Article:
Wednesday's Child: 10-Year-Old AlexisAlexis loves being around other children and likes participating in different activities with her peers.
WBZ ForecastEric Fisher has an updated weather forecast.
Quincy Police Hold Emergency Meeting After Rash Of Break-InsQuincy Police say they've had more than 20 break-ins since November. WBZ-TV's Mike LaCrosse reports.
Tree Crashes Through Sharon HomeA tree was snapped by high winds and fell on a house in Sharon. WBZ-TV's Juli McDonald reports.
Steve Lappas: Don't Think North Carolina Will Be Able To Bully Kentucky On The BoardsThe Tar Heels have made their name this season dominating the glass, but they face a Wildcats team that will battle for rebounds.
Christian Hubicki On His 'Survivor' Game: 'I Dodged A Lot Of Bullets"Hear from "Survivor: David Vs Goliath" stand out Christian Hubicki as he discusses his experience with CBS Local's Matt Weiss.
Korn's Brian Welch & Daughter Jennea Discuss New Showtime DocumentaryBrian and Jennea discuss their wild story of touring with Korn, battling addiction and building a family amidst brokenness.
Crossroads Classic On CBS: How To Watch, Where To Watch, Things To KnowThe four biggest basketball programs in Indiana battle it out for in-state bragging rights on CBS this weekend.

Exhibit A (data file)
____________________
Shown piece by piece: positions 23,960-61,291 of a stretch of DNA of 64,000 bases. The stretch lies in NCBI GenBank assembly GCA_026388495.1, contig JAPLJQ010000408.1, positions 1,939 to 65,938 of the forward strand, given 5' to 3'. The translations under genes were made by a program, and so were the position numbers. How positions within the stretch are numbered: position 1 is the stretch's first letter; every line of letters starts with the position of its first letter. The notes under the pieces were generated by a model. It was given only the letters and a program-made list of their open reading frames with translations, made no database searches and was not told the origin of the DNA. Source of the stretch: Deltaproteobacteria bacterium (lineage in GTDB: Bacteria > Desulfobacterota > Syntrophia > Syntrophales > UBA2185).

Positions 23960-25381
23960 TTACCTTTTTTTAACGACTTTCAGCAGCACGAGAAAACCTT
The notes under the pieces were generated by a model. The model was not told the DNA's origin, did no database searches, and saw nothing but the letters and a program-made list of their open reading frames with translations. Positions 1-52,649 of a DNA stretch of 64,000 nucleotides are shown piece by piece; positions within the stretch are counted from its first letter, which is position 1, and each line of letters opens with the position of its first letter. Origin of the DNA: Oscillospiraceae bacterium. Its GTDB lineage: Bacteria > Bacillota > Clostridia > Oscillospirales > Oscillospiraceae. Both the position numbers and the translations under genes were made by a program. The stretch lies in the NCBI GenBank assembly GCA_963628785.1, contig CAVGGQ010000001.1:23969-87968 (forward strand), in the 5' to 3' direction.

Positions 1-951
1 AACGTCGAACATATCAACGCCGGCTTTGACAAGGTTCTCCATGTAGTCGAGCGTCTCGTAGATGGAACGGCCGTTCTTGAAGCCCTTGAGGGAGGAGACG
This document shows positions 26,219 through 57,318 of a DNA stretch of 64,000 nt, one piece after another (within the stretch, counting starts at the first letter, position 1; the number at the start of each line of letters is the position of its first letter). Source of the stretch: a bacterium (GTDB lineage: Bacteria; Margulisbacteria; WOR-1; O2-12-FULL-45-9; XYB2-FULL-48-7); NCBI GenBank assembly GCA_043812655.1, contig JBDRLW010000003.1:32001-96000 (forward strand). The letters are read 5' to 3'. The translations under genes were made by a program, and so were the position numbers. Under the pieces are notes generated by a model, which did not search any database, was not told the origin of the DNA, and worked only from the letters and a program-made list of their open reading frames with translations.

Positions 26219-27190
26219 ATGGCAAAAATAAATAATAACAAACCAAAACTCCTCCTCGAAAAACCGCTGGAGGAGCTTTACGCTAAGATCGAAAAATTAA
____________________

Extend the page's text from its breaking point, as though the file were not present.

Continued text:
2019 Grammy Award Nominees AnnouncedCardi B, Drake and Black Panther are all up for "Album Of The Year" at the 61st annual Grammy Awards.
Gabby Pascuzzi's 'Survivor' Reward: 'A Lot Of Confidence'Gabby Pascuzzi's flame has been snuffed out and then there were seven. Once again an idol played into tribal council as a fellow member of the David Tribe, Christian, made a timely play leading to Gabby's elimination from 'Survivor.'
Get In The Spirit With Holiday Specials On CBS: How To Watch, When To WatchGet away from some of the holiday stress by joining CBS for some good old-fashioned family holiday cheer.
Boomer Esiason: Colts, Chargers Playing Best Football In AFCInside the NFL analyst Boomer Esiason looks at the playoff races in the AFC and NFC going into Week 16.
Top Fantasy Football Waiver Wire Pickups For NFL Week 16Going into NFL Week 16, as the fantasy football playoffs wrap up, here are players to pull from the waiver wire and insert in your lineup.
Holiday Sports Viewing Guide: Best Games, Where To Watch, How To WatchLooking for some distractions from the relatives over the holiday break? We've got you covered.
NFL Team Grades Week 15: Chargers, Bears Get Top Marks After Wins Over Division RivalsThe Chargers knocked off Kansas City, while the Bears beat the Packers at Soldier Field to clinch the NFC North crown.
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Patriots-Steelers Week 15 MatchupThe Patriots and Steelers, both coming off tough losses, look to get back in the win column, as the AFC playoff races heat up.
NFL Picks Week 15: Vikings Bounce Back After Coordinator ChangeCBS Minnesota's Mike Max breaks down four of the biggest games in Week 15, including the Dolphins-Vikings and Patriots-Steelers.